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American ObscurantismHistory and the Visual in U.S. Literature and Film$
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Peter Lurie

Print publication date: 2018

Print ISBN-13: 9780199797318

Published to Oxford Scholarship Online: May 2018

DOI: 10.1093/oso/9780199797318.001.0001

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Conclusion

Conclusion

“Rememory,” the Visual, and America’s Future History: Race and the Digital Turn

Chapter:
(p.153) Conclusion
Source:
American Obscurantism
Author(s):

Peter Lurie

Publisher:
Oxford University Press
DOI:10.1093/oso/9780199797318.003.0006

This book concludes by relating its discussion of visualizing history to the media and the public response to the 9/11 terrorist attacks. It shows their overly mediated depiction to have a precedent in Civil War photography, and it avers the shared impulse to visualize attending each of these epochal historical events. The Conclusion reads Toni Morrison’s Beloved as offering a salutary “forgetful remembrance” of history in the novel’s model of “rememory” and as an alternative to historicist criticism, as well as to U.S. culture’s visual archiving of a supposedly accessible and remediable past. The discussion also links Morrison’s work to post-9/11 poetry and to contemporary and recent African-American cinema, which, like Beloved, shows the occasion and the need for a willful look forward for both racialized subjects and for the U.S. polity generally in a postdigital age.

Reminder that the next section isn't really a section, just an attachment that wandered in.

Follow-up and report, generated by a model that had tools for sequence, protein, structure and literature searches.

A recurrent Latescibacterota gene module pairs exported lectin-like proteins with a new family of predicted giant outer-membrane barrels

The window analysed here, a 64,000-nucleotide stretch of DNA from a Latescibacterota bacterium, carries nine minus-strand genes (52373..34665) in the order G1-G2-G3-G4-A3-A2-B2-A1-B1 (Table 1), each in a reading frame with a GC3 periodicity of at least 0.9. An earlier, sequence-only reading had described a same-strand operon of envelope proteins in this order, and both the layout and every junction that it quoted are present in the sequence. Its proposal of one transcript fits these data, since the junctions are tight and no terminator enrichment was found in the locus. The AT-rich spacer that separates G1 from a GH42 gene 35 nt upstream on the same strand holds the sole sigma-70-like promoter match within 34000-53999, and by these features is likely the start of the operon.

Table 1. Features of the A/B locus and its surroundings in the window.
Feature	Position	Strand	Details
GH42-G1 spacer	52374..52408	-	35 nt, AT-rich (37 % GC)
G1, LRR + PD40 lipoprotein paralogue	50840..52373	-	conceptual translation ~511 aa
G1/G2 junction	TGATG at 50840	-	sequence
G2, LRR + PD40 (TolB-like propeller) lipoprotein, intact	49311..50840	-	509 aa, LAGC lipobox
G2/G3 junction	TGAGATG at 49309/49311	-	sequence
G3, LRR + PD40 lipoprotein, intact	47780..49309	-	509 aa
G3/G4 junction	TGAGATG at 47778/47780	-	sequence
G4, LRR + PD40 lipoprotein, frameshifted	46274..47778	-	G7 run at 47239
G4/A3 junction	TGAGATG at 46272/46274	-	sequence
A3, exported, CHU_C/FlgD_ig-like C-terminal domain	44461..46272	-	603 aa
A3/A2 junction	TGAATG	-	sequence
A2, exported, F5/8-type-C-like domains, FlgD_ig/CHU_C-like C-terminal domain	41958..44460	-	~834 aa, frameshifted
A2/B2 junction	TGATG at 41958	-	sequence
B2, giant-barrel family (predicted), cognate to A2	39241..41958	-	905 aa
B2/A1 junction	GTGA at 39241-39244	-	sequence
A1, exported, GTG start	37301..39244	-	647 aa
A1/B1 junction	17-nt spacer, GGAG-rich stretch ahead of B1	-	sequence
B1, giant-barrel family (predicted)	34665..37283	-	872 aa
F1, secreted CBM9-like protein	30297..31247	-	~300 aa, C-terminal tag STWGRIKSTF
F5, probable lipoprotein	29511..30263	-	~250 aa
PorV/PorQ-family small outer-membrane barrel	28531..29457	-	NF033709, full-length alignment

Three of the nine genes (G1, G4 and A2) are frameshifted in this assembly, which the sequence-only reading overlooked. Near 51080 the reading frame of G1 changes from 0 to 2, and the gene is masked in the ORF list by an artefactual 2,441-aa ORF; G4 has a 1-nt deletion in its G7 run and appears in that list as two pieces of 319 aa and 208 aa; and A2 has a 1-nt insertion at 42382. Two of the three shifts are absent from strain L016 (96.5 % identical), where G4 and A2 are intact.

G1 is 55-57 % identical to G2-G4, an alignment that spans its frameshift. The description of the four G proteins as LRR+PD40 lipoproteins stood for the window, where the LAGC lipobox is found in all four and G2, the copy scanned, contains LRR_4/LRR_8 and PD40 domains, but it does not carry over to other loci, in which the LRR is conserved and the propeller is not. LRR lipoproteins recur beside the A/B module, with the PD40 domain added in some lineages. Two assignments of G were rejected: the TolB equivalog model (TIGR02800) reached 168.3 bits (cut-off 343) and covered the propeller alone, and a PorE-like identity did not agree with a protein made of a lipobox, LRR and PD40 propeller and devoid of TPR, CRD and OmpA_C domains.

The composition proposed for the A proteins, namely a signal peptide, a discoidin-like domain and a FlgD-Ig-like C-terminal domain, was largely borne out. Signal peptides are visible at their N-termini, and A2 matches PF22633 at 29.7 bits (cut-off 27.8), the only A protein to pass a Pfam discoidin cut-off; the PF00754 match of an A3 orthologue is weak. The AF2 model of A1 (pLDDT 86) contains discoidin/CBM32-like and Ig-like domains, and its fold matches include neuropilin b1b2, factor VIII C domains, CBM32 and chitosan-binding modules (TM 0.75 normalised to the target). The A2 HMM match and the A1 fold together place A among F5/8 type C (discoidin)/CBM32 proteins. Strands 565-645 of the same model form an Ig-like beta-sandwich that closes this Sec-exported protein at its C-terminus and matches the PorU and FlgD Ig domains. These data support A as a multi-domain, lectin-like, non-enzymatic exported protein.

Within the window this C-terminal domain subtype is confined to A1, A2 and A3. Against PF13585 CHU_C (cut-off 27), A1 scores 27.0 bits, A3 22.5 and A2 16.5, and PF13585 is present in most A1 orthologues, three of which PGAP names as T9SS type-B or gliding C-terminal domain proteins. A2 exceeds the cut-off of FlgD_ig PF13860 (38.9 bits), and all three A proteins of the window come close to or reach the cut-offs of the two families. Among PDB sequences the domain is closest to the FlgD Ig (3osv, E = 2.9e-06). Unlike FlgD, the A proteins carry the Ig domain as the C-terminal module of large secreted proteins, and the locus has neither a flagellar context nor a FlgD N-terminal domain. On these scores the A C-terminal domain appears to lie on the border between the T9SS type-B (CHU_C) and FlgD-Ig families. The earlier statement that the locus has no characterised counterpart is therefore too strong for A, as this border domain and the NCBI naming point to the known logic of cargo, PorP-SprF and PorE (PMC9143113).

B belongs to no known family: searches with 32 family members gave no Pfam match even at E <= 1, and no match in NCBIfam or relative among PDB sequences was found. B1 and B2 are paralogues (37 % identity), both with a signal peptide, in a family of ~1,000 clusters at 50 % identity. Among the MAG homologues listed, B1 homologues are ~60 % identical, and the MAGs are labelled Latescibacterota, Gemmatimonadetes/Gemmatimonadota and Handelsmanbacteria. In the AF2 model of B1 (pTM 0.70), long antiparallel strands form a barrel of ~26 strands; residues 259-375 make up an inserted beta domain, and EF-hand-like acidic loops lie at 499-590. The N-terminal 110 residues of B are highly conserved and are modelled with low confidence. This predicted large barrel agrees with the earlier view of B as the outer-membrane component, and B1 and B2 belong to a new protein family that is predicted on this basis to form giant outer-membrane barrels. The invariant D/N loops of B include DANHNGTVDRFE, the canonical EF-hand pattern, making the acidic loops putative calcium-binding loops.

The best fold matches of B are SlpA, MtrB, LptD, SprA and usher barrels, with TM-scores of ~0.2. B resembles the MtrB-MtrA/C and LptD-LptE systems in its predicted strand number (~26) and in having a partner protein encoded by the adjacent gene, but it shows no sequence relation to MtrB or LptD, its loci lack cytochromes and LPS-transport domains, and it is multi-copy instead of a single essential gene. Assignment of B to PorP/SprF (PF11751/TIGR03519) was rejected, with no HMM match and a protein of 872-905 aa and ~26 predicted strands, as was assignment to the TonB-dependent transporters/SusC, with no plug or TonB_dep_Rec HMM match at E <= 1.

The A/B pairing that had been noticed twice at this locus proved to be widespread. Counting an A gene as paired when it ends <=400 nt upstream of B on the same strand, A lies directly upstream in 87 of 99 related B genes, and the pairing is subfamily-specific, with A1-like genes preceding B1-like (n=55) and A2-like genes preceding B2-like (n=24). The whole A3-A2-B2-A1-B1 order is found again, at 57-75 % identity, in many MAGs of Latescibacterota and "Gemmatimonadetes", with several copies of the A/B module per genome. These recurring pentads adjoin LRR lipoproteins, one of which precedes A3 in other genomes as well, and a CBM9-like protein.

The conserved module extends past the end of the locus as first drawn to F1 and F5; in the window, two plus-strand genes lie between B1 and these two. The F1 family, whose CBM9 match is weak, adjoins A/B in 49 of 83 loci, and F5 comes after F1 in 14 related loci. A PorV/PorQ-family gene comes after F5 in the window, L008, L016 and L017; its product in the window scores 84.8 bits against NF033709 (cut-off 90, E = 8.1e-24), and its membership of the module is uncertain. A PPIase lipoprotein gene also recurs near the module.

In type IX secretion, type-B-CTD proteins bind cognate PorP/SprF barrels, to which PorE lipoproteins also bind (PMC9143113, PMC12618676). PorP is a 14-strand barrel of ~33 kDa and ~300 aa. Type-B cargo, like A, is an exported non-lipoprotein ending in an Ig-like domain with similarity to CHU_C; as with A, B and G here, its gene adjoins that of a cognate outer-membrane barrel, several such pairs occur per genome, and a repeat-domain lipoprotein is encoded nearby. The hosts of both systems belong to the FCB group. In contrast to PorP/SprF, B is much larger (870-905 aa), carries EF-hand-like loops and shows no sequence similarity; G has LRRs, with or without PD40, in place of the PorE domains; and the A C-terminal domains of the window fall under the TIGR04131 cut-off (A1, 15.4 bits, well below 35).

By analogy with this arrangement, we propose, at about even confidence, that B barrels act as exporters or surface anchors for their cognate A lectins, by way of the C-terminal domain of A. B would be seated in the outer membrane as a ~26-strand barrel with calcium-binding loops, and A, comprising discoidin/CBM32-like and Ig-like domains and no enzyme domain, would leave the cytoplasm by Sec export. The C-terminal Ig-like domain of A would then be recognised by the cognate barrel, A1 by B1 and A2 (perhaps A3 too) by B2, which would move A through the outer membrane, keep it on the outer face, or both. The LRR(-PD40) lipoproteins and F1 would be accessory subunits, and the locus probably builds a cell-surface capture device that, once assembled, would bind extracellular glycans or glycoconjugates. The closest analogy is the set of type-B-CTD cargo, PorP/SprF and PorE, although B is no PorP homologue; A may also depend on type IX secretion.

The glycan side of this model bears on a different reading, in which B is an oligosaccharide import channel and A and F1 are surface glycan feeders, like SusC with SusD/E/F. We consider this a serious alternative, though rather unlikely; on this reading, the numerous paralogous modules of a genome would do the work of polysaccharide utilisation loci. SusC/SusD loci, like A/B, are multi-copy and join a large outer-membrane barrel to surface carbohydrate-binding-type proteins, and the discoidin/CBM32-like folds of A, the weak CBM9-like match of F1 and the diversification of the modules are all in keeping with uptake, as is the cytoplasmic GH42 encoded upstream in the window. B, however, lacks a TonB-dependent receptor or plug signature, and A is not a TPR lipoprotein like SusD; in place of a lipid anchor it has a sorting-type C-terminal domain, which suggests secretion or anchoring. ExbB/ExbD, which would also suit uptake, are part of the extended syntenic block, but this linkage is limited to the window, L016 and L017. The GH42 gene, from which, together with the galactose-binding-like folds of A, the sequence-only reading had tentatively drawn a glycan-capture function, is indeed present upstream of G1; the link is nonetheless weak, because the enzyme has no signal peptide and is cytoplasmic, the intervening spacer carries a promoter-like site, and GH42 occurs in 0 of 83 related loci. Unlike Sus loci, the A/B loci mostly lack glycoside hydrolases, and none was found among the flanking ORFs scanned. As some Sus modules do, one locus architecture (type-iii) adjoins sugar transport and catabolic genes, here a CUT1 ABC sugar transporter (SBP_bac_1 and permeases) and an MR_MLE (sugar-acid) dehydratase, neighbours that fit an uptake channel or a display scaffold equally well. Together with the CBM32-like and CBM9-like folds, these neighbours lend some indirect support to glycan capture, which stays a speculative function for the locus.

Keywords:   9/11, Civil War, photography, digital media, Beloved, Galway Kinnell, vision, Killer of Sheep, Philando Castile, African-American cinema

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